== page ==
Tel: +44 (0) 20 7420 9444
Thu 25 October 2012, 7pm-8pm
Free, no booking required
National Portrait Gallery, St Martin’s Place, London WC2H 0HE
Henry, Prince of Wales would have become King Henry IX had he not died at the age of 18. His importance in life and the impact of his death was reflected by his funeral, which was considerably bigger than that of Queen Elizabeth I nine years earlier.
A contemporary recorded the sight of the people of London lining the streets: ‘There was to bee seene an innumerable multitude of all sorts of ages and degrees of men, women and children … some weeping, crying, howling, wringing of their hands, others halfe dead, sounding, sighing inwardly, others holding up their hands, passionately bewayling so great a losse, with Rivers, nay with an Ocean of teares.’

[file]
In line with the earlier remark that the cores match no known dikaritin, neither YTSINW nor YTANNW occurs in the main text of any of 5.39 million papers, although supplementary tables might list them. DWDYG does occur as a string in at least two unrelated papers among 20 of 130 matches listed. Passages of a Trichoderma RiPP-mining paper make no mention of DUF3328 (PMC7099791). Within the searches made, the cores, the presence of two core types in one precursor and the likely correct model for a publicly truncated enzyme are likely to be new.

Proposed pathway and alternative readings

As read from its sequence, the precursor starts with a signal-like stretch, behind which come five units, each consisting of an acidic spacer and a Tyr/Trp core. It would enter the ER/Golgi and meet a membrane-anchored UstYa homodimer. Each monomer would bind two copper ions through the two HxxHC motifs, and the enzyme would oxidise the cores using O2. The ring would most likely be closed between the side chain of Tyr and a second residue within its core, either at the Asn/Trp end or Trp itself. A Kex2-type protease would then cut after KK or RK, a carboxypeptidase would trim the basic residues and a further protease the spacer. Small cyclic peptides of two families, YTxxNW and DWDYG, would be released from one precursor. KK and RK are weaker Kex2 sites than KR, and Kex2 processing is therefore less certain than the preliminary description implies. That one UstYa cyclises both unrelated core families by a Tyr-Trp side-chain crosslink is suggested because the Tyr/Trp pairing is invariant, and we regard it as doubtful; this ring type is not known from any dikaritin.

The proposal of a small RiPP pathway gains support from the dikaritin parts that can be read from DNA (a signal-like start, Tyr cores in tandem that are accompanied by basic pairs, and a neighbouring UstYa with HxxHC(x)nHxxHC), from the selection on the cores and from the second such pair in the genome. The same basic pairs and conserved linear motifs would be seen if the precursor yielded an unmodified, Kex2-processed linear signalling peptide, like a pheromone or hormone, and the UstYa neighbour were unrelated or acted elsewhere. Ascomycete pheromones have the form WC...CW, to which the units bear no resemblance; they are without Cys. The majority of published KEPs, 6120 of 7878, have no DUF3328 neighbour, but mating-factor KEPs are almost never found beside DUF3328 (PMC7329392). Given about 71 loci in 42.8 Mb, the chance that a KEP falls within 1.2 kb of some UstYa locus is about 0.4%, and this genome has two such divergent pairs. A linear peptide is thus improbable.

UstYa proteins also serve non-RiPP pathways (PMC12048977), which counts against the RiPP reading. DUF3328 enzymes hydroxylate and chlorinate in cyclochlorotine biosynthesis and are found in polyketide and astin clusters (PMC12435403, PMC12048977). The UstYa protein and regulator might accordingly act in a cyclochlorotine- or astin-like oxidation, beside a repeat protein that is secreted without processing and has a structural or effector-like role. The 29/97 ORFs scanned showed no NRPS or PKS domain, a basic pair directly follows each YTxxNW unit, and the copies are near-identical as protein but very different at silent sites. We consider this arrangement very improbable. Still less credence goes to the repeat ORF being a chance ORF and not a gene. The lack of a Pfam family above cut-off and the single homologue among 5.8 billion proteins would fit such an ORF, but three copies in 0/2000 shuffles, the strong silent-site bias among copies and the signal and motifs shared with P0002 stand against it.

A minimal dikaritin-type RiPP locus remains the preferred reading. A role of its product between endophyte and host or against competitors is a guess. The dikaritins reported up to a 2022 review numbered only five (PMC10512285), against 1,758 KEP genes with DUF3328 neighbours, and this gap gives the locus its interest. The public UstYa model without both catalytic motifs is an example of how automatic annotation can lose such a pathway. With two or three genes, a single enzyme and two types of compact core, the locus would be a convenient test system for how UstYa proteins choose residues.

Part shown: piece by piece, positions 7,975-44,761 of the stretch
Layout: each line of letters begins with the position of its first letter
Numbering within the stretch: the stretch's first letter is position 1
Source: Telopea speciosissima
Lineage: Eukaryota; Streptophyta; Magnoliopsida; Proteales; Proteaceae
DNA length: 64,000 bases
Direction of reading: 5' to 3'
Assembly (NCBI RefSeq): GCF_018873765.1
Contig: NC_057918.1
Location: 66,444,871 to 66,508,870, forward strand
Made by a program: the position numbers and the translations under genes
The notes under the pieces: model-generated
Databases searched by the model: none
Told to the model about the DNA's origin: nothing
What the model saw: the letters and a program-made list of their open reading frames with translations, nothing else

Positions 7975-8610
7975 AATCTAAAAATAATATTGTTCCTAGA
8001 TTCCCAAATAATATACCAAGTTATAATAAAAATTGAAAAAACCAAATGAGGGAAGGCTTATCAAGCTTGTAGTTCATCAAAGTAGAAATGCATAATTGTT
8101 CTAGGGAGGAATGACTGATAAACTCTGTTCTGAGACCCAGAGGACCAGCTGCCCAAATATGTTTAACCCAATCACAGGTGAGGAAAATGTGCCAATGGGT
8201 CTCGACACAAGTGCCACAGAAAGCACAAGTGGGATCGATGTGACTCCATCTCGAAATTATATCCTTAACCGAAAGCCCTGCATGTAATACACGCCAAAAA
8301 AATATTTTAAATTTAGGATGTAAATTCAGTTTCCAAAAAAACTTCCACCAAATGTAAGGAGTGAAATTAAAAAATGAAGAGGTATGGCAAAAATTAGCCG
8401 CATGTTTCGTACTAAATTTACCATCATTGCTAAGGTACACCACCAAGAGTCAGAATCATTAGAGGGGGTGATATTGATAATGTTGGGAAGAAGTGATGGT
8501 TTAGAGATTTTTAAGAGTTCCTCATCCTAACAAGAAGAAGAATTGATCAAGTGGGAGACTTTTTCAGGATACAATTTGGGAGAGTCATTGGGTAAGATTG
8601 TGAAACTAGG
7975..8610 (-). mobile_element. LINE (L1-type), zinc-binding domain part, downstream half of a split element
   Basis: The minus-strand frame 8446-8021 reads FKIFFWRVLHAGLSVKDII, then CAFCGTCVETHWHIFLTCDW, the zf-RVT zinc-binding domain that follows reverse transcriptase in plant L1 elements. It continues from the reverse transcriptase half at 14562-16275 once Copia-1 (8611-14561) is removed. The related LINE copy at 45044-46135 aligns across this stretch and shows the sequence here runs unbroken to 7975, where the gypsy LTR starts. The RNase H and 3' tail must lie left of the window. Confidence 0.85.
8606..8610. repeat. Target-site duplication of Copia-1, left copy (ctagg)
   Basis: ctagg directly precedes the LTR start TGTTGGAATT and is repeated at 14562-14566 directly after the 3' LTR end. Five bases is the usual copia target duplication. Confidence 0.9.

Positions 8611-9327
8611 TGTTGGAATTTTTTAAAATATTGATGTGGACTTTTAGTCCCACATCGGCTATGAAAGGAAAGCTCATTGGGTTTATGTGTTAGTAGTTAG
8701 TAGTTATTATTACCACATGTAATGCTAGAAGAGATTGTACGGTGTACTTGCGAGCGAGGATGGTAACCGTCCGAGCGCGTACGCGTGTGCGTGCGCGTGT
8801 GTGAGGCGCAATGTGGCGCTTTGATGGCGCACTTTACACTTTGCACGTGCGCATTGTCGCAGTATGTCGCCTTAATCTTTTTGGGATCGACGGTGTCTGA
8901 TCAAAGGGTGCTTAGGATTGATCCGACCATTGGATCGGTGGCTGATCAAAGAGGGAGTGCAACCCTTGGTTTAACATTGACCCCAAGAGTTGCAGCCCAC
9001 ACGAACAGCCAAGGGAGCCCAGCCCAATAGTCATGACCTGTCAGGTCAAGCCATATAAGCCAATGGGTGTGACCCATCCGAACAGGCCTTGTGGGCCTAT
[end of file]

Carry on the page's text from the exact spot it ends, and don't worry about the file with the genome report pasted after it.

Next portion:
Join us for a philosophical discussion on death, led by Dr Michael Takeo Magruder of King’s College London.
Michael Takeo Magruder (www.takeo.org) is an internationally recognised visual artist and researcher working with digital and new media including real-time data, immersive environments, mobile devices and virtual worlds. His practice explores concepts ranging from media criticism and aesthetic journalism to digital formalism and computational aesthetics, deploying Information Age technologies and systems to examine our networked, media-rich world.
In 2010, Michael was selected to represent the UK at Manifesta 8: the European Biennial of Contemporary Art and several of his most well-known digital artworks were added to the Rose Goldsen Archive of New Media Art at Cornell University. Michael is currently a Leverhulme Trust artist-in-residence at King’s College London collaborating with Prof. Ben Quash (Theology, KCL) and Alfredo Cramerotti (Director, MOSTYN Wales & Research Scholar eCPR University of Wales, Newport) to research and develop a new body of New Media artwork – entitled Real-time Histories of Conquest, War, Famine & Death – that is based on The Book of Revelations.
Photograph: Lachrimae lachrimarum by Joshua Sylvester © The British Library Board G.18913